Sudden pressure with hyperextension on the anterior cord can damage anterior horn cells and give sudden weak arms with preserved leg function.
- A cause of neck pain and arm weakness
- Affect the lower cervical roots
- Most disease happens at C5-6, C6-7, C3-4
- Simple ageing can lead to changes that impinge on the cord.
- Spondylosis is the natural wearing down of these parts of the spine.
- Disc degeneration, osteophyte formation, hypertrophy of articular facets
- A thickened ligamentum flavum all give rise to a narrowed spinal canal.
- Central protrusions give cord compression type symptoms
- Posterolateral compression on roots gives pain, paraesthesia, weakness, wasting and reduced reflexes
- Family history
- Neck strain e.g. painters or plumbers or flooring installers) or staring at a computer screen that is too high or low).
- Previous neck injury
- Heavy lifting like construction workers.
- Exposed to a lot of vibrations like bus or truck drivers.
Cervical Spondylotic Myelopathy occurs if cervical canal diameter falls from 17 mm to below 13 mm as the cord itself, is 8-11.5 mm in diameter.
- Neck and arm pain with paraesthesia in arms
- Weakness, wasting and reduced reflexes in affected level in arms e.g. C5-6, C6-7, C3-4
- Reduced proprioception and touch and a progressive sensory ataxia
- Electric shock type neck pain Lhermitte's sign may occur
- Progressive difficulty walking - spastic weakness and incontinence
- Muscle spasms. Clicking, popping or grinding sound when you move your neck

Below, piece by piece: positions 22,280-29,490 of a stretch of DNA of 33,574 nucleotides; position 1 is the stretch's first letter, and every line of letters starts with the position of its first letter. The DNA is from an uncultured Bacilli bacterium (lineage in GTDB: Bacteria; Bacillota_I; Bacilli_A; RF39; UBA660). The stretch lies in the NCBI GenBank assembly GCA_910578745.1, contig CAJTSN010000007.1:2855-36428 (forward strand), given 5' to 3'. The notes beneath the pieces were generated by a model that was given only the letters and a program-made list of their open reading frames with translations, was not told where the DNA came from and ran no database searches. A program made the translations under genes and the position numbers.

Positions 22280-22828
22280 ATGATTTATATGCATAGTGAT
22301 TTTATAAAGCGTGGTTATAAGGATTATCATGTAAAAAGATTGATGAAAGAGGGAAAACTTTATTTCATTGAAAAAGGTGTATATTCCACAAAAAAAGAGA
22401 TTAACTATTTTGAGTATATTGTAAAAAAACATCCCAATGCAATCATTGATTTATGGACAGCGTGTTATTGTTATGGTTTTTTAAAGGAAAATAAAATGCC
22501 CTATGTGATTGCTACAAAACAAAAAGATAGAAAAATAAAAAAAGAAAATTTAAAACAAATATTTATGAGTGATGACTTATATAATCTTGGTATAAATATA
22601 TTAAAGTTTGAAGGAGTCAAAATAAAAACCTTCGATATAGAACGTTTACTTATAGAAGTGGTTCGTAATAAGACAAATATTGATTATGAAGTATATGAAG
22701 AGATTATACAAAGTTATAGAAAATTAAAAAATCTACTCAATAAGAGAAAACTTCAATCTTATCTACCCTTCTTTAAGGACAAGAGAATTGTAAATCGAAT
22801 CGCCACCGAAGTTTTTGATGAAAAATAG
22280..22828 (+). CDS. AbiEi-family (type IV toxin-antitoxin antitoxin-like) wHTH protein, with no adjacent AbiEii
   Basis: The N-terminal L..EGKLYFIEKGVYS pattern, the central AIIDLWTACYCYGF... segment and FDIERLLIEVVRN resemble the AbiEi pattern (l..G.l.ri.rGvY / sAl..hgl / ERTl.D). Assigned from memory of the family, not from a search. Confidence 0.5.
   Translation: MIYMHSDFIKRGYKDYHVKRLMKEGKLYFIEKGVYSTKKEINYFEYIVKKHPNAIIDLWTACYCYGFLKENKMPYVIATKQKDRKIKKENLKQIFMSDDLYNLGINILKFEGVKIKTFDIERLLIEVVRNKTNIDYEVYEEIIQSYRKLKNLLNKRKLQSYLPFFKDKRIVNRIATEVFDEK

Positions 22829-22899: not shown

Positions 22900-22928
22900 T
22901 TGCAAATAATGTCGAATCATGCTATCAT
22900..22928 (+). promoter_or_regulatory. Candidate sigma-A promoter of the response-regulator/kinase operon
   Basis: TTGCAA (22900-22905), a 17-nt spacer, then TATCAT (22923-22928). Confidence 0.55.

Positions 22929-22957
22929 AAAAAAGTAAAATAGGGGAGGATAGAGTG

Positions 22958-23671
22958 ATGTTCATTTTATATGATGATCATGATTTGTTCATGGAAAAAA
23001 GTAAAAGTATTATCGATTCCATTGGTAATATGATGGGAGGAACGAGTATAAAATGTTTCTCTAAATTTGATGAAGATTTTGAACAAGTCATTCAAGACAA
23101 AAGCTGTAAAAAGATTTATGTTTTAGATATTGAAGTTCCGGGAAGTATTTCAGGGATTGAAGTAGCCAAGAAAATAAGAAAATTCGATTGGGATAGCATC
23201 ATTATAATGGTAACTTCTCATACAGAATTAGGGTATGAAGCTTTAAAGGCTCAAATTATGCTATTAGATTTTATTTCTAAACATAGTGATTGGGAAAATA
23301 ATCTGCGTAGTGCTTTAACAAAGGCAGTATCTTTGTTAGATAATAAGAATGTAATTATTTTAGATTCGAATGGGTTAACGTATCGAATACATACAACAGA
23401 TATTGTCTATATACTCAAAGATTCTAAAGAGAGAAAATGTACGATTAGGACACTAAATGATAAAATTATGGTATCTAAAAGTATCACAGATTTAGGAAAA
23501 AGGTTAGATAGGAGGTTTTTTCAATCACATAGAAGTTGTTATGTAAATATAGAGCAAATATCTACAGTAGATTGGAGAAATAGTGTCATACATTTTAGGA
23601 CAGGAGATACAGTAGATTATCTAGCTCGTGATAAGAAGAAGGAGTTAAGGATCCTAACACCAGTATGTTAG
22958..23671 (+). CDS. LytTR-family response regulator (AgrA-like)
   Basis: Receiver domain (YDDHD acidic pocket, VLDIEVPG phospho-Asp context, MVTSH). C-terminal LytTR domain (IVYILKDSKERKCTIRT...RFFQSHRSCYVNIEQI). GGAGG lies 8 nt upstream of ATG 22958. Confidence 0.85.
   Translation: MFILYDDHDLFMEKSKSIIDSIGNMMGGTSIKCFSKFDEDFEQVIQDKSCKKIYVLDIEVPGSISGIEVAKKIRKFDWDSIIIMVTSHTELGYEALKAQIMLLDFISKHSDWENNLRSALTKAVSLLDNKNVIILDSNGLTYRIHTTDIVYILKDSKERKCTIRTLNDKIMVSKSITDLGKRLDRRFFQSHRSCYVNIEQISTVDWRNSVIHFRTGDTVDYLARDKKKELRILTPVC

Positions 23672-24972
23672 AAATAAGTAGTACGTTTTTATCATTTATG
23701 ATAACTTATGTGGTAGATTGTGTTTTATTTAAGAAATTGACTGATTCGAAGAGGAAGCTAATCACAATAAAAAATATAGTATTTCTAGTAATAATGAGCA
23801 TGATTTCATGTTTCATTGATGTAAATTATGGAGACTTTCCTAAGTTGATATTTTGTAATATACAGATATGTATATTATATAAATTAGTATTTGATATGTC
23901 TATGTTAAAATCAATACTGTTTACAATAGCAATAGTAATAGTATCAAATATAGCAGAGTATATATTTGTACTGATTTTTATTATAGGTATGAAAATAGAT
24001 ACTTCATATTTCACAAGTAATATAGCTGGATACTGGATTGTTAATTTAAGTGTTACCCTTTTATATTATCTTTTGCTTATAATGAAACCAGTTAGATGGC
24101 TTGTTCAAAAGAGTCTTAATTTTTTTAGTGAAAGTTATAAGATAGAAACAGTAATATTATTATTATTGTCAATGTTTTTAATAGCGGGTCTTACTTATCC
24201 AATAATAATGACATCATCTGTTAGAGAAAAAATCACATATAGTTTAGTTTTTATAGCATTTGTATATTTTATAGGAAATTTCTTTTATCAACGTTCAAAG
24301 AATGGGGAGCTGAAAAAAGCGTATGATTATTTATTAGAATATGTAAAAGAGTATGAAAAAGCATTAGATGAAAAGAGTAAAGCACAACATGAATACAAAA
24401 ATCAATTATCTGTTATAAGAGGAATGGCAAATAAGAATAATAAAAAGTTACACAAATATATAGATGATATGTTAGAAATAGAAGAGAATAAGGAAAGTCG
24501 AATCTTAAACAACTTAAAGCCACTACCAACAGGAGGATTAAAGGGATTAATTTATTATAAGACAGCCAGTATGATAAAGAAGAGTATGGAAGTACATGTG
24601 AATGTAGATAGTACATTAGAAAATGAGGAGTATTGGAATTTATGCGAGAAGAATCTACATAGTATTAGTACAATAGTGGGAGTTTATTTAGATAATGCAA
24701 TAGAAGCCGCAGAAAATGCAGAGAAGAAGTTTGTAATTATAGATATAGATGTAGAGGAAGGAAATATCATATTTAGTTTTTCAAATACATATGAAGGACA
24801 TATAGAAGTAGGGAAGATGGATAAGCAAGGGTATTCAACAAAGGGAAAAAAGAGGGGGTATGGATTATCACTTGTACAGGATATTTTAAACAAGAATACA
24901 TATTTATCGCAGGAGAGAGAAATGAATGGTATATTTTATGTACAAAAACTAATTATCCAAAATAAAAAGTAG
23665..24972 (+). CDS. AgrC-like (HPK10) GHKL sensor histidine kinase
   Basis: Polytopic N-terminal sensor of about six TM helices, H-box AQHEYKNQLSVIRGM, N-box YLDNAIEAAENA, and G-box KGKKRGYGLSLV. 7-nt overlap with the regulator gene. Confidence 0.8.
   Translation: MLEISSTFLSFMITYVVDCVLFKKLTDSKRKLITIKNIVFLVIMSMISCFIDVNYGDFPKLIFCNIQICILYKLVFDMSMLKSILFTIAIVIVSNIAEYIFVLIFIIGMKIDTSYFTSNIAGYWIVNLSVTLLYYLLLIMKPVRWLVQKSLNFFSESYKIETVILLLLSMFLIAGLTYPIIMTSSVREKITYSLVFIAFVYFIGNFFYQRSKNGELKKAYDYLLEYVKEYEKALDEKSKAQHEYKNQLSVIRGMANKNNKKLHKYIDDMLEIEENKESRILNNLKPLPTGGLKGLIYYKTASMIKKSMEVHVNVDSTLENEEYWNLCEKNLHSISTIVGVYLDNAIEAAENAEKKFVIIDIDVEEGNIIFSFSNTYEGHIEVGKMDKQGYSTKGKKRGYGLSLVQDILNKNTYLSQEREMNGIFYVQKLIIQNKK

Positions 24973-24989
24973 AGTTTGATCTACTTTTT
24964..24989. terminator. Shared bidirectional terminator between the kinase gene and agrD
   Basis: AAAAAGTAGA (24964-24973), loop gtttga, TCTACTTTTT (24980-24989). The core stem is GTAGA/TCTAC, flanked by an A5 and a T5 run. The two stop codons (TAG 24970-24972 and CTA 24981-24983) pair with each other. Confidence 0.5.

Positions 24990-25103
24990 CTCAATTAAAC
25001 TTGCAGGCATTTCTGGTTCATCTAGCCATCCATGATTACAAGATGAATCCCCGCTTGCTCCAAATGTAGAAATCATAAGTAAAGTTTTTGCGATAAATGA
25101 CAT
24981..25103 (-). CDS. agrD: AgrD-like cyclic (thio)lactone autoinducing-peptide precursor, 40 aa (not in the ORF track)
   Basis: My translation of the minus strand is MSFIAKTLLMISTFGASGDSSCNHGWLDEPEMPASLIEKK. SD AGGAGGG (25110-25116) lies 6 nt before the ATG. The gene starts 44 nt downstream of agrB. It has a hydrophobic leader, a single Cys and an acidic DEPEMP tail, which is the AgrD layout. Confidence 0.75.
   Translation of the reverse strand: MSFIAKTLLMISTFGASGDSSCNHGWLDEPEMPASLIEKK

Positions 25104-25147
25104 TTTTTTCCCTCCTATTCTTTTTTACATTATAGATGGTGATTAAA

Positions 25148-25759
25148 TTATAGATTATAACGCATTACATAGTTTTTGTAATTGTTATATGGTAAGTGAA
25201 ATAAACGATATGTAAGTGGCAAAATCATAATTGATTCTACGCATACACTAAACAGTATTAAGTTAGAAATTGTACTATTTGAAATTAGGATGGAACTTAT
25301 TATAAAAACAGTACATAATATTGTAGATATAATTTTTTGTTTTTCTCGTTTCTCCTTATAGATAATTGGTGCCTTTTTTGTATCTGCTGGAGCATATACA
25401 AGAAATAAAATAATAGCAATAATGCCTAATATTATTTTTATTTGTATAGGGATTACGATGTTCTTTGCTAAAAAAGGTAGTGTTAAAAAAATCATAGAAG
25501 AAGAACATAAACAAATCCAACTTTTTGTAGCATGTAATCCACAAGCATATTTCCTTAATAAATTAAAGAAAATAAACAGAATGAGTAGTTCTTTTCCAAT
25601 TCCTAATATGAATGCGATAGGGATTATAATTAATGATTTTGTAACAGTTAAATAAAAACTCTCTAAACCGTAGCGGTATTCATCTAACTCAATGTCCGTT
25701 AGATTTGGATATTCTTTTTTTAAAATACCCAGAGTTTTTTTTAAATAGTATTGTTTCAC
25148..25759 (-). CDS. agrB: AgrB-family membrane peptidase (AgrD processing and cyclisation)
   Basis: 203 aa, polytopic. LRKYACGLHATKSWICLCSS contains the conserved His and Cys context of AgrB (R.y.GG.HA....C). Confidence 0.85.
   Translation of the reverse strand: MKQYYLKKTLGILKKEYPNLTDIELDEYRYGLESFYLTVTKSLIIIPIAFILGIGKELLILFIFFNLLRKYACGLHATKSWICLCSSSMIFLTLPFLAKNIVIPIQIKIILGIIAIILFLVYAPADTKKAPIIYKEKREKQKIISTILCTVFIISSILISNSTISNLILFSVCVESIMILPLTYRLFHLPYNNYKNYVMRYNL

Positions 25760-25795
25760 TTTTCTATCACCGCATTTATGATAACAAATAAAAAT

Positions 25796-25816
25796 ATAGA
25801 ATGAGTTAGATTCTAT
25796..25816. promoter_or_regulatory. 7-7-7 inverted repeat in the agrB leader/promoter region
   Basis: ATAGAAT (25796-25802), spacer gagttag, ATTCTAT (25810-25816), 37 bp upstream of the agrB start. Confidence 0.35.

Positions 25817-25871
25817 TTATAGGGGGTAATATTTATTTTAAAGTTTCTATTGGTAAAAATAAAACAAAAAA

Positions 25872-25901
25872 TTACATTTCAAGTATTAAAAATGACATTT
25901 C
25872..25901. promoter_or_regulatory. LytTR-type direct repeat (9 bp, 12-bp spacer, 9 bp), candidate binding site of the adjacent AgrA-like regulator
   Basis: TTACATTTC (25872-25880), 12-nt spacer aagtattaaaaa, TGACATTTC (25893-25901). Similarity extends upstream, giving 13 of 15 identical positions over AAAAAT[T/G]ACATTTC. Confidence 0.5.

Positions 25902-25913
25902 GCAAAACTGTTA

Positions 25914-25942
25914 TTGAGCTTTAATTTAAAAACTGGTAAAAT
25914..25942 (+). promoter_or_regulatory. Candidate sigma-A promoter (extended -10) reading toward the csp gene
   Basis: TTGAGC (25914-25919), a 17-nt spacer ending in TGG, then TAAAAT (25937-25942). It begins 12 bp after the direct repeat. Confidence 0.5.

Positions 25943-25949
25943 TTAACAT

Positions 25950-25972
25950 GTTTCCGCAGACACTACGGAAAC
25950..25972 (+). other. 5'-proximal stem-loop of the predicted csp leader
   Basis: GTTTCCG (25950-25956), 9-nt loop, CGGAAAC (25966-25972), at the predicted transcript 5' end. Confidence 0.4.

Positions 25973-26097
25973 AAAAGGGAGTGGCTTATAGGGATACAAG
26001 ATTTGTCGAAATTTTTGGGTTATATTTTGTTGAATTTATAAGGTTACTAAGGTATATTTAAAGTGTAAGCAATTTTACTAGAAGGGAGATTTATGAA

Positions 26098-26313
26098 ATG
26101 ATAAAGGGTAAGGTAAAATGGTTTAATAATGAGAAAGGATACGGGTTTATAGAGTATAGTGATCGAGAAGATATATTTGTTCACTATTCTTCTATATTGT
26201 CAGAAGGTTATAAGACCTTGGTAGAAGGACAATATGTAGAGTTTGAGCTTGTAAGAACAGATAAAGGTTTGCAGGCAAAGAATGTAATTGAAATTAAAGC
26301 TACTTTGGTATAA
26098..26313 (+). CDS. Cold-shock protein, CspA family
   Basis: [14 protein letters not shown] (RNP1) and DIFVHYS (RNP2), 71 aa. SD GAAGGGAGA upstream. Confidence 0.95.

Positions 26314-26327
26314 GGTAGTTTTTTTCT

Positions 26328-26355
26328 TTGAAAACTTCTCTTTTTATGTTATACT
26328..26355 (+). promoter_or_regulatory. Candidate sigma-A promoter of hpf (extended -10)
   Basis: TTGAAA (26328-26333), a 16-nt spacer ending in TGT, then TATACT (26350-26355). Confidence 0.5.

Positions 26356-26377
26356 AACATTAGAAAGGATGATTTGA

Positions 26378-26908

- Dizziness and headaches.
- MRI - cord can become indented, flattened and distorted. There may well be changes such as gliosis and ischaemia and demyelination. Cord atrophy and static T2 hyperintensities suggesting gliosis rather than oedema do not bode well.
- Nerve conduction studies and electromyogram may be useful
- MND, MS, B12 deficiency
- HTLV1 myelopathy
- Syringomyelia and tumour
- Consider Physical therapy first. Stretching and strengthening muscles. Analgesia e.g. NSAIDs and Ice and heat and massage can also provide relief. Gabapentin may help neuralgia. A soft collar worn at times may help. Wearing a hard collar for prolonged periods can cause muscle wasting. Steroids can also be injected.
- Management is surgical decompression moderate to severe cases especially with upper limb or other neurology. Spine surgery is complex and may involve a lengthy recovery. Usually, a laminectomy but other variations include discectomy. Improvement is a hit and miss affair and recovery hard to predict